Dallas, TX –
Halloween's certainly not just for kids anymore. But conmmentator Rawlins Gilliland thinks we should consider them more as the day approaches.
Halloween has ebbed, in my lifetime, from being a quirky seasonal event into becoming the second biggest American holiday of the year. Of course, with success comes controversy. Some liken celebrating Halloween to satanic devil worship but I say the only thing we need fear going to hell is our Grimm's Fairy Tale imaginations.
My earliest Halloween terror was wondering what my charming but children-clueless Mother would choose to give the neighborhood trick or treat-ers. I mean, this is the woman who served my Cub Scout third graders unsalted Matzo crackers with clam dip. Mother became legendary in 1952 for giving each costumed kid a box of Clorets breath gum, turning their mouths chartreuse and their parents beet red. Another year, after I begged her to get something normal' like candy, she proudly passed out Baker's unsweetened chocolate bars. I thought Nancy, who was dressed as a witch, was acting in character when she began projectile vomiting. After her mom appeared screaming on our porch, Mother, who never missed a teachable moment', explained that Nancy was in costume but her mother was a real witch'.
Twenty Halloweens later in 1972 San Francisco, I checked in to a gold-rush-era brothel turned $12 a week boarding house called The Bachelor Quarters. By then, San Francisco had attracted legions of gay blades so October 31rst became the citywide go-to date for creative costume pageantry. Which explains why the person giving me the keys was dressed as Mae West. My next-door neighbor was Janis Joplin any day but the guy across the hall was, for that night only, Pat Nixon. By dawn I'd fallen head over high heels in love with grown-up Halloween magic in that haunting house.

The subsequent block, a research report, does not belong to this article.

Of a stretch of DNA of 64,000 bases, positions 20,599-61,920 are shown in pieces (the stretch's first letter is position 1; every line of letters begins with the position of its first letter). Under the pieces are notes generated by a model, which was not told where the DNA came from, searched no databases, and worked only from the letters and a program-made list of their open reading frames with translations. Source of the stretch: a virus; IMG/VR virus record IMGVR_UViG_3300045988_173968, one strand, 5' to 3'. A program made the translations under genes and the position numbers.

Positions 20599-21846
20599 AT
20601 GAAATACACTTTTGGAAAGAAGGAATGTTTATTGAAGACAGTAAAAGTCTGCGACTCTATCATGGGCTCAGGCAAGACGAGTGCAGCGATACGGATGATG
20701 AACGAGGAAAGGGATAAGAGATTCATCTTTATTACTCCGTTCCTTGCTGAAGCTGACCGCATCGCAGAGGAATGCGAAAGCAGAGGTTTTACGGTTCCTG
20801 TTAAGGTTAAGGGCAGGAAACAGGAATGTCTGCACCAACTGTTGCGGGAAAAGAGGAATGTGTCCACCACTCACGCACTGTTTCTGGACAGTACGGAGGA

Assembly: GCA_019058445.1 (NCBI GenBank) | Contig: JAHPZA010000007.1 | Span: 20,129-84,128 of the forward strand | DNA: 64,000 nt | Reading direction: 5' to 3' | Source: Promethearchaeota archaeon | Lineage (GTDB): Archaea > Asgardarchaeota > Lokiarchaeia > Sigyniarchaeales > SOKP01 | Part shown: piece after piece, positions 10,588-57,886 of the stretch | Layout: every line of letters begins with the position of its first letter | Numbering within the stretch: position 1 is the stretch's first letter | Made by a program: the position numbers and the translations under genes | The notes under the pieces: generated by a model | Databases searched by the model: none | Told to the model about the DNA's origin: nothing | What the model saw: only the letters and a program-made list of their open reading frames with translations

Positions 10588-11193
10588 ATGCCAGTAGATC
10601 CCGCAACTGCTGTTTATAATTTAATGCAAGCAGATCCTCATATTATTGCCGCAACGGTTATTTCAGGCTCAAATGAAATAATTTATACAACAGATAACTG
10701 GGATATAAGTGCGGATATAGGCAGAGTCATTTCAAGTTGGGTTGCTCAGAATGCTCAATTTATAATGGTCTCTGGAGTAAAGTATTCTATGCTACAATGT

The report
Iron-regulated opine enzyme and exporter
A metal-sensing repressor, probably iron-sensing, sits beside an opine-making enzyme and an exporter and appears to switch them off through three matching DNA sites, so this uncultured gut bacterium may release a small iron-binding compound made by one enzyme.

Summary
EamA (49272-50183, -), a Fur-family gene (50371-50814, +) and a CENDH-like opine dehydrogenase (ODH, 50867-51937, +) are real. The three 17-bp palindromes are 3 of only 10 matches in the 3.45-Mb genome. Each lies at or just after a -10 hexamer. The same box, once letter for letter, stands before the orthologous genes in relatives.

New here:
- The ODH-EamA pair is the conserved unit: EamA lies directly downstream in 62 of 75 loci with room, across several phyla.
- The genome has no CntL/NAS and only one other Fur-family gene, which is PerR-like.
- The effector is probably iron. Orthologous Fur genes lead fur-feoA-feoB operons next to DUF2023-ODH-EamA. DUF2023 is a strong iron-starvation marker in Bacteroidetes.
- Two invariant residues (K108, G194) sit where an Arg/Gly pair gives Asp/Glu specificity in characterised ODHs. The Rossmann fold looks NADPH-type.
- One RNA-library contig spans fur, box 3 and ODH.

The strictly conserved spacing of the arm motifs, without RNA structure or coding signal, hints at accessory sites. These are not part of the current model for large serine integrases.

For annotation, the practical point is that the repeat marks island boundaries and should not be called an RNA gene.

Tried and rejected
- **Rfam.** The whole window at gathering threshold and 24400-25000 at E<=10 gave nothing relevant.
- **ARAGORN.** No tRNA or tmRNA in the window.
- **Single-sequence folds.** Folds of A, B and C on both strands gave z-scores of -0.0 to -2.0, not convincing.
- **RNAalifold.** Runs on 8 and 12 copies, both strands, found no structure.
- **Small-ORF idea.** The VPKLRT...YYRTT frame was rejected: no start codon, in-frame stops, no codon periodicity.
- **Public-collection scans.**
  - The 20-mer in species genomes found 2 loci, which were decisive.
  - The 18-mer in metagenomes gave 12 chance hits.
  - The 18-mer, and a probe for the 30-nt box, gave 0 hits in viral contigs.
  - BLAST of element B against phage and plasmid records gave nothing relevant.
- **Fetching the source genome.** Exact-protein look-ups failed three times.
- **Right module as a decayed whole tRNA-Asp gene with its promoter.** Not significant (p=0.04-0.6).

Today's proliferation of Halloween Haunted Houses was spawned years later following horrific incidents of razor blades in apples and poisoned candy. As an alternative to traditional fare, these tasteless tasty thrill and chill sites have become a big business national phenomenon.
But for my taste, skip the gore. I've never liked seeing dismembered body parts anywhere and even less after I actually saw my severed fingers on the floor - yes, successfully reattached after a power saw saga. Even the inevitable hanged men dummy decor lost its appeal after I found a real corpse hanging while hiking in the woods near Irving in 2000. But I'm mad for the gothic mad scientist monster and crazed werewolf hair salon vignettes.
I've volunteered for charity at Hangman's House of Horrors in Ft. Worth. It's glorious fun for one who loves nighttime nightmare fright to be cast as Jack the Ripper, lurking in the dark dank foggy Victorian London street shadows. I've played Dr. Frankenstein, bellowing as the lightening bolts sputtered from the monster on an inclined gurney, "He's alive! He's alive!" I feel alive when I'm scared to death if I'm in no danger. So when I spotted someone's baby boy beginning to whimper, I knelt down and, remaining in character, gently whispered in his ear until he clapped and smiled: "You'll survive. You'll survive!."
Happy Halloween. Boo!
Rawlins Gilliland is a writer from Dallas.
E-mail opinions, questions or rebuttals to the this commentary to the "Contact Us" section of http://www.kera.org.